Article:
It is also likely these fees aren't going to come in at too much of a penalty to sway the LBO investors. I believe that, not because the penalties can't add up to more than $100mm, but rather because the ROI for the equity holders will more than cover it. Furthermore, if the SEC had any hair on its back and wanted to send a fair and proper message to the China backed frauds, it would make the penalties rather stiff. I'm talking Goldman Sachs Abacus deal settlement stiff. Normally, as in the cases of Longtop and Sino-Forest, there are no American (or Canadian) entities involved which are closely related to the fraud and have deep pockets to go after and actually collect from. If Carlyle closes the acquisition, the United States courts have someone with deep pockets to go after. And Carlyle is not in the "protected" camp, the way one of the big 4 accountants are. As those following Sino-Forest know, the "protected" auditor is still going to pay penalties of at least low nine figures.

Cross border capitalism is broken, or maybe it never worked and I was duped into believing it actually was functional.

All this in my mind suggests the fair value of FMCN is at least $250mm more valuable than the current offer. Presumably this company is likely to be worth more than double its current offer in no more than 2 years and double that again 2 or 3 years thereafter. If not, the only other reason Carlyle would properly get involved in this sort of company is if the China banks (aka government) have winked at them in past and or future deals - China wink = out-sized gains. I suspect this is the case and not out of the normal for China dealings of this nature.

I am not sure where all this leads, but I am nearly certain this deal closes and Carlyle as a whole will be very happy when it closes successfully. Happy immediately and happy again over the next 3 to 8 years. This is one of the anchor investments for the Carlyle fund investing. Unless Carlyle is splitting this into more than 5 of its funds. Top notch Private equity houses do not mess around with their anchor investments. Carlyle is a top notch, extremely well managed PE shop. They have an excellent risk manager, a decent compliance officer and employment connections back to the SEC.

I guess my conclusion is, this is a stinky fraud, shorters beware.

Anonymous said...

"No Enforcement Action. No (i) action by any Governmental Authority or (ii) formal recommendation of any action by any Governmental Authority shall be pending against the Company or any Senior Officer, under either case (i) or (ii), alleging bad faith conduct of any Senior Officer with respect to the Company or its shareholders, which conduct would reasonably be expected to cause such Senior Officer to be unsuitable to serve as a director or officer of a public company listed on any one internationally recognized stock exchange under applicable rules and regulations thereof."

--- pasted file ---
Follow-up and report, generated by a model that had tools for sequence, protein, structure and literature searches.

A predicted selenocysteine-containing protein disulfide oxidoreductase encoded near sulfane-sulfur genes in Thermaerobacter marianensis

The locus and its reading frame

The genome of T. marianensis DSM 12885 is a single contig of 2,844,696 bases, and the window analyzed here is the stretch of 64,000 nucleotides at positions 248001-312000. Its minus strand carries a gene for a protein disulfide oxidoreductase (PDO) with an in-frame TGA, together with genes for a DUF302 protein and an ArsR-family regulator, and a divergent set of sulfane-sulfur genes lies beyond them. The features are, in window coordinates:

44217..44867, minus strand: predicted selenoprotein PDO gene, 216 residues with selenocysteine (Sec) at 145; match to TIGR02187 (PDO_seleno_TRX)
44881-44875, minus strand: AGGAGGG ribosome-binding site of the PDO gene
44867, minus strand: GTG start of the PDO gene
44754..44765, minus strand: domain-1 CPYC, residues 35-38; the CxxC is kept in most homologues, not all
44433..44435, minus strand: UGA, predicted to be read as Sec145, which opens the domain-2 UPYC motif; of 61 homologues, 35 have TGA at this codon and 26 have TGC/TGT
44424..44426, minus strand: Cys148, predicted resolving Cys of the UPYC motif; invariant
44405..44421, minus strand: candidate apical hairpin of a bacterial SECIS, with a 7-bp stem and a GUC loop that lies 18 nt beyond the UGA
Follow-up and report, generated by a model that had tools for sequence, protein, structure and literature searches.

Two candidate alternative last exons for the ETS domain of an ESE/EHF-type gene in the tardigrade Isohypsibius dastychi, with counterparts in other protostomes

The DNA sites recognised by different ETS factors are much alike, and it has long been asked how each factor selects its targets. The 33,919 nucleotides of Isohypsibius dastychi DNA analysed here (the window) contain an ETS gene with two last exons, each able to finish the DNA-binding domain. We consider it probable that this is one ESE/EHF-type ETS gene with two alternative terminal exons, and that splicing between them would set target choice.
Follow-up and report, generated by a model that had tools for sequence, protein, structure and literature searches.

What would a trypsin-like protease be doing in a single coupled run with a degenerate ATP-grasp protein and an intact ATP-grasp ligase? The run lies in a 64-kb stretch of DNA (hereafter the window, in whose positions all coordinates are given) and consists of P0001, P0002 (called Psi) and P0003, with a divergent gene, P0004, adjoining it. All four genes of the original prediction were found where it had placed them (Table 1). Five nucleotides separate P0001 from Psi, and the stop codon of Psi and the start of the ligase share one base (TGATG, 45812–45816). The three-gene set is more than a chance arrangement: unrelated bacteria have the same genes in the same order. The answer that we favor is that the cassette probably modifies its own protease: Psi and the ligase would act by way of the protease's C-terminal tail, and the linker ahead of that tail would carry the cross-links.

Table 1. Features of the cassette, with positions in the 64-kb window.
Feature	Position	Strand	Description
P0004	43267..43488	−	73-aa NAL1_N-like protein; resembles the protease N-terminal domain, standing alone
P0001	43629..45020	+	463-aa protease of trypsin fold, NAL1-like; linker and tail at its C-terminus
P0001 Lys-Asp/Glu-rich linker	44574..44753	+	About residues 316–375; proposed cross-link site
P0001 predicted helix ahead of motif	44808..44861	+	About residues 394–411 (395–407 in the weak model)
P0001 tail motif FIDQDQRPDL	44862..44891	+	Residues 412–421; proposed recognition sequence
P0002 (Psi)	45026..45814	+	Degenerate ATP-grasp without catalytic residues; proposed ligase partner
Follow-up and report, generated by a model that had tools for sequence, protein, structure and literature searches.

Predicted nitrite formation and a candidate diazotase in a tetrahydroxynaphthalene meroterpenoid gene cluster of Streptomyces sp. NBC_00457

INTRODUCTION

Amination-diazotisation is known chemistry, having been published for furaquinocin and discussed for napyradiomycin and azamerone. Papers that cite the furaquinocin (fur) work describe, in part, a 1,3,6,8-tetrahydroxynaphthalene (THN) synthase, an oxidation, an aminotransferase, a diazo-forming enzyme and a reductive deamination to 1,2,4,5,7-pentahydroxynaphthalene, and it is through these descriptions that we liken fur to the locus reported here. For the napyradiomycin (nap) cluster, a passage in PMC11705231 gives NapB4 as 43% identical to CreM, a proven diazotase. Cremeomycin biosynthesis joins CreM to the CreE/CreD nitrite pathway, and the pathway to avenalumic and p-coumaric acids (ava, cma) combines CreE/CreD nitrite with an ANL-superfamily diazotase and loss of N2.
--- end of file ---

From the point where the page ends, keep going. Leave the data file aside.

“the Consortium continued to (1) resist accepting risk with respect to the SEC Inquiry”

David said...

So, here we are two weeks after the shareholder vote to approve the deal and the shares are trading above $27. What gives? They say they expect to close in May, but is that going to happen?

David said...

We are now two weeks after the shareholder vote to approve this deal at $27, and the shares are trading above $27. What gives? Do we really expect this deal to close in May as the company said in the announcement of 29 April?

General disclaimer

The content contained in this blog represents the opinions of Mr. Hempton. You should assume Mr. Hempton and his affiliates have positions in the securities discussed in this blog, and such beneficial ownership can create a conflict of interest regarding the objectivity of this blog. Statements in the blog are not guarantees of future performance and are subject to certain risks, uncertainties and other factors. Certain information in this blog concerning economic trends and performance is based on or derived from information provided by third-party sources. Mr. Hempton does not guarantee the accuracy of such information and has not independently verified the accuracy or completeness of such information or the assumptions on which such information is based. Such information may change after it is posted and Mr. Hempton is not obligated to, and may not, update it. The commentary in this blog in no way constitutes a solicitation of business, an offer of a security or a solicitation to purchase a security, or investment advice. In fact, it should not be relied upon in making investment decisions, ever. It is intended solely for the entertainment of the reader, and the author. In particular this blog is not directed for investment purposes at US Persons.